Johnny took it equally as hard. “You don’t know if you’re going to make it through life,” he said. “I’m 40 years old and I’ve got to bury a child? I wasn’t ready for that. It turned my whole world upside down.”

Forced to deal with her brother’s death while still a teenager and lamenting the fact that she’d never see Marcus again or celebrate his college graduation, Marla began to go down the wrong paths. “My life was spiraling out of control,” she said.

 

“I had to have something to believe in…” – Marla Mitchell

Years of fluctuation went by, and Marla eventually decided to return to church after she had her first child. “I had to have something to believe in,” she said. “I knew how I’d been raised, to believe in God, to pray and ask for forgiveness, and ask for help in the things you need help with. I needed help getting through life. I knew that the only way I could get back on track was getting back into church and believing and praying and asking God to help me get back to where I needed to be for myself and for my family.”

Though neither Johnny nor Marla have completely healed, they have been able to negotiate the devastating event by honoring Marcus’s life and doing their best to pay forward what he gave to them. Johnny says he finds continual healing by helping others who come within his path to grieve the loss of a loved one. “God sends them to me,” he says. “People that have lost loved ones, they’ll find me some kind of way.”

Now Johnny and Marla are both longtime workers at the power company, where they spread the same infectious cheer as Marcus once did to the people around them. Marla works at the main office and greets customers who, like this writer, prefer to pay their bills in person. Working with the public isn’t easy, Marla says, as many come with complaints and other grievances. But being nice and smiling seems to make it a whole lot better. “It makes the situation better if you are a positive person,” she says.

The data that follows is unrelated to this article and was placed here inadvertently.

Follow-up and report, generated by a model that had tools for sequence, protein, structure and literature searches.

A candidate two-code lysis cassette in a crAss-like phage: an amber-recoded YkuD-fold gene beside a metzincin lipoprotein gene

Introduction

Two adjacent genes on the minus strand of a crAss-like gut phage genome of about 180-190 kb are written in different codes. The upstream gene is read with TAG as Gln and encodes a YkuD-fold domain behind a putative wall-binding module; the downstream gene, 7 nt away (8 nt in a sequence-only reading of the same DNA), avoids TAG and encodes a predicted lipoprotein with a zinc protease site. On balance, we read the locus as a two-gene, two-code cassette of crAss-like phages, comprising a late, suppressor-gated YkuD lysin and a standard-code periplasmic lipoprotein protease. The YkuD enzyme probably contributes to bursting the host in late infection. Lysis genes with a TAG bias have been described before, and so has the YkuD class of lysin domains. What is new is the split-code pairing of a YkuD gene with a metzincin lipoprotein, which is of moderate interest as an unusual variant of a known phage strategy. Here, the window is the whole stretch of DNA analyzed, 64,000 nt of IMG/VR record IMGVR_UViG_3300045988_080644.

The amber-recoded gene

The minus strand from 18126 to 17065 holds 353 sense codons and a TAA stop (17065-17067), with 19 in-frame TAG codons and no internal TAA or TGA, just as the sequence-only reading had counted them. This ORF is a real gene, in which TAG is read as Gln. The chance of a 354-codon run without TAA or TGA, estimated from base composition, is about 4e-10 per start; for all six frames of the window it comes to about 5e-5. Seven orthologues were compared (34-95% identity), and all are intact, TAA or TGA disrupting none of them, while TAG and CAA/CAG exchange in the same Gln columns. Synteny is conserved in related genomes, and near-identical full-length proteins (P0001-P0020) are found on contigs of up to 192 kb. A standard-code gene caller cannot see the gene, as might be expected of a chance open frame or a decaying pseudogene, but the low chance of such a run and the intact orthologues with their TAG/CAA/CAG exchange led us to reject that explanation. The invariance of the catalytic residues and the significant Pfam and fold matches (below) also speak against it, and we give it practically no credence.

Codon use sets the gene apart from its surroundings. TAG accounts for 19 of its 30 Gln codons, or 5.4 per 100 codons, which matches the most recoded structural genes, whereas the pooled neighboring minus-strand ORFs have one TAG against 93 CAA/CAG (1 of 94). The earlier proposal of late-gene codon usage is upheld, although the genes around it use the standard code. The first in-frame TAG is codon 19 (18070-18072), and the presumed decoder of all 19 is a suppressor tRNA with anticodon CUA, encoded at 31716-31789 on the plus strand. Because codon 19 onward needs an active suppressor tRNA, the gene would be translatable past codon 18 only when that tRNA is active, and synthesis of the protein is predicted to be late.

Johnny helps his co-workers to remember how blessed they are. “Most everybody make more money than me, and I got a bigger smile than anybody!” he said. “I say to them, ‘How can you make this kind of money and not smile? You living in a better home and you can’t smile? I get a smile from making that statement. That’s what we need more of in this world, is smiles.”

It’s taken Marla and Johnny a long time to smile again, but they realized that there was no sense in letting the end of Marcus’s life mean the destruction of theirs; that the light of life is too precious not to beam so that others can see. “It was the saddest time in our life, and the Good Lord has seen us through it,” Johnny says.

Johnny K poses with a picture of his son. Photo by Al Blanton.

Marcus Mitchell left this earth on October 30, 1993. When he passed, that terrific smile went with him, but it lives on in the lives that knew him best. They pass that torch of positivity and light the dark inner caves of the grieving and desperate.

The world needs people, like Marcus Mitchell, whose mere presence makes us want to live better and more impactful lives. In a world where complaints and criticisms are legion, we desperately need laughter. The world needs more smilers, for life is too fleeting to be miserable all the time. And though his life was short, his death tragic, Marcus Mitchell chose to smile. Perhaps, because of this, he lived a fuller life than many who live longer but choose to live their lives in a sullen way.

In the end, it only took nineteen years for Marcus Mitchell’s life to teach us that a smile is a terrific thing.

So look around you. Enjoy your life. Count your blessings. Make someone’s day a little brighter.

Let’s be happy. 78